Why you can trust ZDNET
:ZDNET independently tests and researches products to bring you our best recommendations and advice. When you buy through our links, we may earn a commission.Our process
'ZDNET Recommends': What exactly does it mean?
ZDNET's recommendations are based on many hours of testing, research, and comparison shopping. We gather data from the best available sources, including vendor and retailer listings as well as other relevant and independent reviews sites. And we pore over customer reviews to find out what matters to real people who already own and use the products and services we’re assessing.
When you click through from our site to a retailer and buy a product or service, we may earn affiliate commissions. This helps support our work, but does not affect what we cover or how, and it does not affect the price you pay. Neither ZDNET nor the author are compensated for these independent reviews. Indeed, we follow strict guidelines that ensure our editorial content is never influenced by advertisers.
ZDNET's editorial team writes on behalf of you, our reader. Our goal is to deliver the most accurate information and the most knowledgeable advice possible in order to help you make smarter buying decisions on tech gear and a wide array of products and services. Our editors thoroughly review and fact-check every article to ensure that our content meets the highest standards. If we have made an error or published misleading information, we will correct or clarify the article. If you see inaccuracies in our content, please report the mistake via this form.
I'm not going to lie…I was skeptical. I received the Guliguli Hiibo robot and thought my cats would either scoff or run scared. Well, I was right about two of my cats (one scoffed and the other ran). However, the bravest cat that ever was had no fear of this robot and, instead, enjoyed it quite a bit.
Part of the reason Wookie didn't bolt for cover was there's not a laser pointer she won't attempt to take down. And as soon as the Guliguli laser pointer was on, so too was the fun.
So, what makes this pet robot an attractive proposition for those who have family with paws? Personally, I like to be a part of helping my cats get their exercise. However, just because you're using a robot doesn't mean you can't be involved. Why? Because the Guliguli robot isn't what you're thinking. It doesn't use AI or ML in the same way a cleaning robot does.
The Guliguli requires you to use a phone app to either manually control it (like an RC car) or let it go on a timed mission to entertain your pet with the built-in laser pointer.
You do have to install the GL Pets app (Android and iOS), connect it to your wireless network, and then control the robot via the app. With that app, you can dispense treats, manually move the robot about, take pictures and record video, talk to your pets via the robot, turn on the laser pointer, and even have it run a timed, automatic function that will keep the laser pointer moving in circles for your pet to pounce on.
You can even control the robot when you're away from home. So for those who travel, you can not only watch video of your pet, you can also talk to them and give them treats.
What might seem like a toy can certainly entertain your pet and enable you to keep an eye on them. That feature alone is worth it for someone like me who's had to (on a number of occasions) keep a watchful eye on a recovering pet.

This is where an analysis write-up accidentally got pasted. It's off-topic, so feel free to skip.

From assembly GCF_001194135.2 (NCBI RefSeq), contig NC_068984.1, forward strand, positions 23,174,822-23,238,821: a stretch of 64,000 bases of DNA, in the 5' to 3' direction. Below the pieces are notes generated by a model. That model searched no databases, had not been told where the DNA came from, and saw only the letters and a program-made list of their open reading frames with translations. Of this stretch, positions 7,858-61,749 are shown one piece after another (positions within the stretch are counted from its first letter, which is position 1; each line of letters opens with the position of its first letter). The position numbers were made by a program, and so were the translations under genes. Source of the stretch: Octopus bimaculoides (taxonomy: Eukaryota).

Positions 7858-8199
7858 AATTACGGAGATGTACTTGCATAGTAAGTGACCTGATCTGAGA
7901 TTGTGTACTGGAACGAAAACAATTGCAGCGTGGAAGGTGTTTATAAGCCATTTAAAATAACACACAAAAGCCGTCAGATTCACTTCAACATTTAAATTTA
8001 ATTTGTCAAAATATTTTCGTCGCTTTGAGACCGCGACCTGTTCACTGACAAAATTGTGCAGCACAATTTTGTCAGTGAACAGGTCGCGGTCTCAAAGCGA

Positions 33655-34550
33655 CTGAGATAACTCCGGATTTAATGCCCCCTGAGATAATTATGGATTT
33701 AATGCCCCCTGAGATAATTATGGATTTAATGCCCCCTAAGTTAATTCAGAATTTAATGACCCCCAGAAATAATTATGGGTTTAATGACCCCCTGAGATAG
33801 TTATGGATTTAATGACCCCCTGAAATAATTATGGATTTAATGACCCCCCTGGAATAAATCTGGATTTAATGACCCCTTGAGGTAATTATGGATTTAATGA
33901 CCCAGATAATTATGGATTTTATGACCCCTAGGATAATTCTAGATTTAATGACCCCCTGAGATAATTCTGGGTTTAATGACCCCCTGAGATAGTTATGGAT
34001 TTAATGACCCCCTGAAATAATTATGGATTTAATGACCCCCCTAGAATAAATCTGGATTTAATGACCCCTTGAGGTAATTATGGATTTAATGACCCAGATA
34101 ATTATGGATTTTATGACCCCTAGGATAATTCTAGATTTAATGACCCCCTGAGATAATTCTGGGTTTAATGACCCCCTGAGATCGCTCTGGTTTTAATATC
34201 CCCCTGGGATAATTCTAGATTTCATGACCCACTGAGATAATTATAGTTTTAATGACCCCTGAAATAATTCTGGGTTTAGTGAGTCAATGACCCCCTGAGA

The big question is this: At $189.99 (Note: Amazon is currently offering a coupon for $60 off), is the Guliguli robot worth the cost? Had this been a smart robot (one that could not only handle what it does automatically but also learn your pets' habits), I would answer with a resounding yes. But even without the "intelligence" aspect, it's still a lot of fun to have (and can make being away from your pets a lot less stressful).
Wookie and I had a lot of fun playing together with the robot. Instead of using a regular laser pointer (which we call "laser mouse"), I could turn it on automatic mode and have it spin around, sending the laser pointer in circles for her to chase and then dispense a treat for her (so she could catch her breath). Or, I could manually control the laser pointer and make a game of it.
Make sure to keep the treat hopper filled, so you can dispense the treats after playtime is over.
My only issue with the automatic function is that it's unable to generate more random patterns for the laser pointer. Instead, it moves in circles, then it'll move forward or backward a bit, and then spin in circles again. It's fairly predictable but that's not exactly a bad thing. It all depends on how easily bored your pet can become.
Another nice feature is that you can speak through the robot (using the app on your phone). Obviously, that functionality is pointless if you're in the room with your pet. But if you're watching your pet from somewhere else, it could prove useful.
ZDNET buying advice
Although not all of my cats enjoyed the robot, Wookie certainly made a great case for it. If you have a pet that likes to chase those magic red dots, enjoys a treat, and loves having pictures and video taken of them (for you to share with your friends and family), this is a wonderful little robot to have in the house. It may not be perfect, but for those who cherish their pets and love the idea of being able to interact with them from afar, it's worth a look. It could also make a great gift.